Prisoner discussions of books confirm the power of empathy. A sixty-year-old white woman responded to the twenty-year-old Bangladeshi woman in an arranged marriage in Raphael Selbourne’s novel Beauty: ‘I found the book gripping and felt the issues raised in the book topical but very disturbing. I tried to put myself in the position of Beauty or any other person in this position, an intolerable situation. It’s easy for most of us to say to person in this position. Leave home – get away. But how can you leave with nowhere to go – no one to support you – no money…’ (3)
Official prison strategy also wants to get prisoners thinking about the situations of others, and about the consequences of actions. Prisons offer a range of offending behaviour courses, and completing one or more of them may be required if a prisoner is to be considered for early release. The problem with some of these courses is that they do not always engage the imagination. ‘I know what I’m supposed to think’ is how one prisoner put it. And this view is backed by criminologists such as Fergus McNeill who refers to the ‘overly-scripted, manualised, homogenised approaches’ (4) of these cognitive behavioural interventions. The power of literature, by contrast, is that you don’t always know what you are supposed to think. Indeterminacy becomes the spur to meaningful critical and moral judgements.
The most powerful books are often those that encourage empathy but also ask the reader to step back from it, even to resist it, in favour of critical distance and judgement. For prisoners especially this can be challenging. As one prisoner reader discovered: ‘At school I identified with Billy when I read A Kestrel for a Knave. But when I re-read it in prison, I realised I was more like his brother Jud, the bully.’Alexander Masters’ Stuart: A Life Backwards tells a true story of childhood abuse, disability, drug addiction and eventual death. One reader summed up his experience of the book very directly; ‘Good but close to home’. Despite this, what he and other readers went on to explore together were the limits of identification and the need to take responsibility, whatever the disadvantages of background or upbringing.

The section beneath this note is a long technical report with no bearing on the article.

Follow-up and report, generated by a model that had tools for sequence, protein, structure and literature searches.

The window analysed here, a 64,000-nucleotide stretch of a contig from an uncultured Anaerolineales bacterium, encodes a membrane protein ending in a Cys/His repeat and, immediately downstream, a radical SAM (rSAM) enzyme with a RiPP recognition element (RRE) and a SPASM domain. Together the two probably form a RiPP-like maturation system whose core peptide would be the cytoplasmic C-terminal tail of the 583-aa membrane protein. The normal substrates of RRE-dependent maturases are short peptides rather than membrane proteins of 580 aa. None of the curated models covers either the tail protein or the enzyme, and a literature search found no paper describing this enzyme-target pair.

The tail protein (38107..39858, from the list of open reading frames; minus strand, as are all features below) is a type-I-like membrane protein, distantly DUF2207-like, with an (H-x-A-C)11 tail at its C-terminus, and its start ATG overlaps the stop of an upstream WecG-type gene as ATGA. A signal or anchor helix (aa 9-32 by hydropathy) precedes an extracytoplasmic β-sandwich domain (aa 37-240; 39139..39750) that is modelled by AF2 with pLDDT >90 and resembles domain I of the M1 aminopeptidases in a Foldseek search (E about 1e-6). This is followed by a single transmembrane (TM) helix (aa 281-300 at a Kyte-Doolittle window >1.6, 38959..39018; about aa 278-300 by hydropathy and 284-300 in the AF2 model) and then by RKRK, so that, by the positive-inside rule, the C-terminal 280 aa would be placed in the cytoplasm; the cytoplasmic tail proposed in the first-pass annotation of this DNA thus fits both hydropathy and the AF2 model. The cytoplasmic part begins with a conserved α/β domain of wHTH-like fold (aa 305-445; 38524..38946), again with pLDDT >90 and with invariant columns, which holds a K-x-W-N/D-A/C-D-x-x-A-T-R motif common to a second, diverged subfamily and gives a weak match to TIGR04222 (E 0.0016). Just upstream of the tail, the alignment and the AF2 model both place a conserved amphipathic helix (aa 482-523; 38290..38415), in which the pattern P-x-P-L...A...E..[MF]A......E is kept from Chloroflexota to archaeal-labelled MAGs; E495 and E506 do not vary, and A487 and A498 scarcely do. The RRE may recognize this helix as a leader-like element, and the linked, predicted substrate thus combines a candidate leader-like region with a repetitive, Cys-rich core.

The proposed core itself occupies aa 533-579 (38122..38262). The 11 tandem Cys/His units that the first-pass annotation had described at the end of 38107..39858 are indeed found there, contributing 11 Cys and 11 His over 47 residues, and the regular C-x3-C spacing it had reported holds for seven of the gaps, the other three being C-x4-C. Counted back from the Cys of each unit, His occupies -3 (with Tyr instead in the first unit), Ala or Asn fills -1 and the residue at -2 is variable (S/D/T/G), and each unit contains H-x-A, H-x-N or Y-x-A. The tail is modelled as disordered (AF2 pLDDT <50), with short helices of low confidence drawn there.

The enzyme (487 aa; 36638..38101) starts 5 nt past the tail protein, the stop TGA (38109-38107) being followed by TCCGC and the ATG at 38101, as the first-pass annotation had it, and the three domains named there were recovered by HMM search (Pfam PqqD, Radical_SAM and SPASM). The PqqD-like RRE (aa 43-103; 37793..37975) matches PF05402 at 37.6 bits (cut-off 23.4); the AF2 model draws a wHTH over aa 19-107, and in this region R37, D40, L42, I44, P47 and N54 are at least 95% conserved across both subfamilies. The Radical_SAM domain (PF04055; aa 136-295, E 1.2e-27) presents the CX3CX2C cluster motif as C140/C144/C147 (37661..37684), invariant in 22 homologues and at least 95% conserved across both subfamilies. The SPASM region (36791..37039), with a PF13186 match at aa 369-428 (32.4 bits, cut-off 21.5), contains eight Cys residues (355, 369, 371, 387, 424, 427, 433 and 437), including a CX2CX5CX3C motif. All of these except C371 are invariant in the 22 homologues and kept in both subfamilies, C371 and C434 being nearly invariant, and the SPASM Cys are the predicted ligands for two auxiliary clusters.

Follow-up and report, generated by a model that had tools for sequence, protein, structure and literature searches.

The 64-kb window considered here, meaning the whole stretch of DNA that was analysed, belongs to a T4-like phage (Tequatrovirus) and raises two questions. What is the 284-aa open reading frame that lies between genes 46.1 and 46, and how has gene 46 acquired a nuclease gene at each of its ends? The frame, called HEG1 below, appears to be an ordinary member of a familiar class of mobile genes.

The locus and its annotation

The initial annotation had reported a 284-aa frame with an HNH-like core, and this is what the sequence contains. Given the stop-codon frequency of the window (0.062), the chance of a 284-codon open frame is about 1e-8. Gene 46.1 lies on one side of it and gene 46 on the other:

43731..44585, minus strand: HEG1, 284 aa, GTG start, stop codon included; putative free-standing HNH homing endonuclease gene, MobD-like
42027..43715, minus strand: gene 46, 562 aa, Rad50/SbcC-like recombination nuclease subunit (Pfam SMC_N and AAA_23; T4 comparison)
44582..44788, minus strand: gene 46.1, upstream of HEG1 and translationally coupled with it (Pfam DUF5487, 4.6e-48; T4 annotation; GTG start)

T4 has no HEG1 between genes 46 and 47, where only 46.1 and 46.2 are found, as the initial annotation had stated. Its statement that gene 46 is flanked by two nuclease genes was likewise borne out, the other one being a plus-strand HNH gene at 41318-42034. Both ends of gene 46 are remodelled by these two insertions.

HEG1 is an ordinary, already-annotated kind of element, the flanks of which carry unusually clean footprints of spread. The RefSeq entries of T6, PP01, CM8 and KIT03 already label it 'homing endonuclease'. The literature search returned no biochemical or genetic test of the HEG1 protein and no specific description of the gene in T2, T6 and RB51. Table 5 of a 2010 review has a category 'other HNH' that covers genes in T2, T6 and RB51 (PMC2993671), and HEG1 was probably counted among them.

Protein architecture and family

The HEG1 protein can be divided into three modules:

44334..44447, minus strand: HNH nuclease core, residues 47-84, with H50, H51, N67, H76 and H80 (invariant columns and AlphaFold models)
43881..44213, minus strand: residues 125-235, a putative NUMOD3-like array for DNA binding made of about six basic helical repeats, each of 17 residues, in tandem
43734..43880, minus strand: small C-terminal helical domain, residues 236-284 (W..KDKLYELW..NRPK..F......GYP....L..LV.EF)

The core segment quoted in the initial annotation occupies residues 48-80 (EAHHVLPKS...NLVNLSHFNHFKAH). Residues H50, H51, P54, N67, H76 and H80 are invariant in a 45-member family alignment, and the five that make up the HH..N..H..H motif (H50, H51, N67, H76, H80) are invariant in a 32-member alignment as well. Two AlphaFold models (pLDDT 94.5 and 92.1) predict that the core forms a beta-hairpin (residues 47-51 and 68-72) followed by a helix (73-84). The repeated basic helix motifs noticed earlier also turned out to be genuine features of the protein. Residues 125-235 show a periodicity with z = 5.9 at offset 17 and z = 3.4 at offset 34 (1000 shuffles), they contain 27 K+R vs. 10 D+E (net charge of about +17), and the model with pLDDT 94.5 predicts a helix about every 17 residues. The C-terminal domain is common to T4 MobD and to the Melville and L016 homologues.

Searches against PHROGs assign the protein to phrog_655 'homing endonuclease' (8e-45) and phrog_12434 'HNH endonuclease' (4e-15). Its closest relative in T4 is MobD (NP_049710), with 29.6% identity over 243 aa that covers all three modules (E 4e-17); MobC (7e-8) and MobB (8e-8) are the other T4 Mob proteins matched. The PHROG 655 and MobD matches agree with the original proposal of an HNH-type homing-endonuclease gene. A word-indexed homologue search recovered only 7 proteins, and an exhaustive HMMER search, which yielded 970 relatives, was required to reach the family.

Reading and group discussion also develop vital employability skills: how to argue and reflect critically on one’s own views and those of others; how to negotiate meaning and make decisions.‘[In the book group] my opinion is valid, I am listened to and others care what I say. In the book group everyone is given a voice, all have an equal say.’
‘It’s a real joy to be able to disagree and remain friends afterwards.’
Books can also create and strengthen family connections, one of the key pathways to rehabilitation recognised by the National Offender Management Service (NOMS). A book sent in to a prisoner (before Grayling’s ban) could be a useful icebreaker at a visit or a subject for a letter or a phone call: ‘Before coming to prison I never read much. My partner does and she suggested I join the prison reading group. Now I even pass the books on to her.’And, ‘My daughter is doing English and I have been able to discuss things with her; the reading group gives me pointers for how to discuss books.’
Books and reading also foster a sense of connectedness with readers outside. The paradox of prison is that it cuts prisoners off from the society it is preparing them to re-enter. An important first step towards rehabilitation and renewed citizenship is the recognition of community with strangers, of having shared interests with people you will never meet. This was well demonstrated by the experience of a men’s prison reading group who read Marina Lewycka’s A Short History of Tractors in Ukrainian. The group were intrigued by the author’s account in a Guardian article of her visit to an all-women’s group outside. On the face of it, the two groups had very little in common. But the men really wanted to know how these unknown women had responded to the book and its characters. To find out, they wrote to the women’s group and an exchange of views followed for several months.
The widespread coverage of Grayling’s ‘book ban’ is useful. If it can help spur a debate about the means and ends of prison education it could prove invaluable.
Maruna, S. (1999) ‘Desistance and Development: The Psychosocial Process of “Going Straight”’, British Criminology Conferences: Selected Proceedings, M.Brogden (ed.) Volume 2, March 1999.
Nussbaum, M. Not For Profit, Why Democracy Needs the Humanities. Princeton and Oxford: Princeton University Press.
Hartley, J. and Turvey, S. (2013) What Books Can Do Behind Bars. London: University of Roehampton. [All further prisoner quotations are from this publication]
McNeill, F. (2012) ‘Four Forms of “Offender” Rehabilitation: Towards and Interdisciplinary Perspective’, Legal and Criminal Psychology. 17:1
Sarah Turvey is a member of the Department of English and Creative Writing at the University of Roehampton and is co-director of Prison Reading Groups (PRG).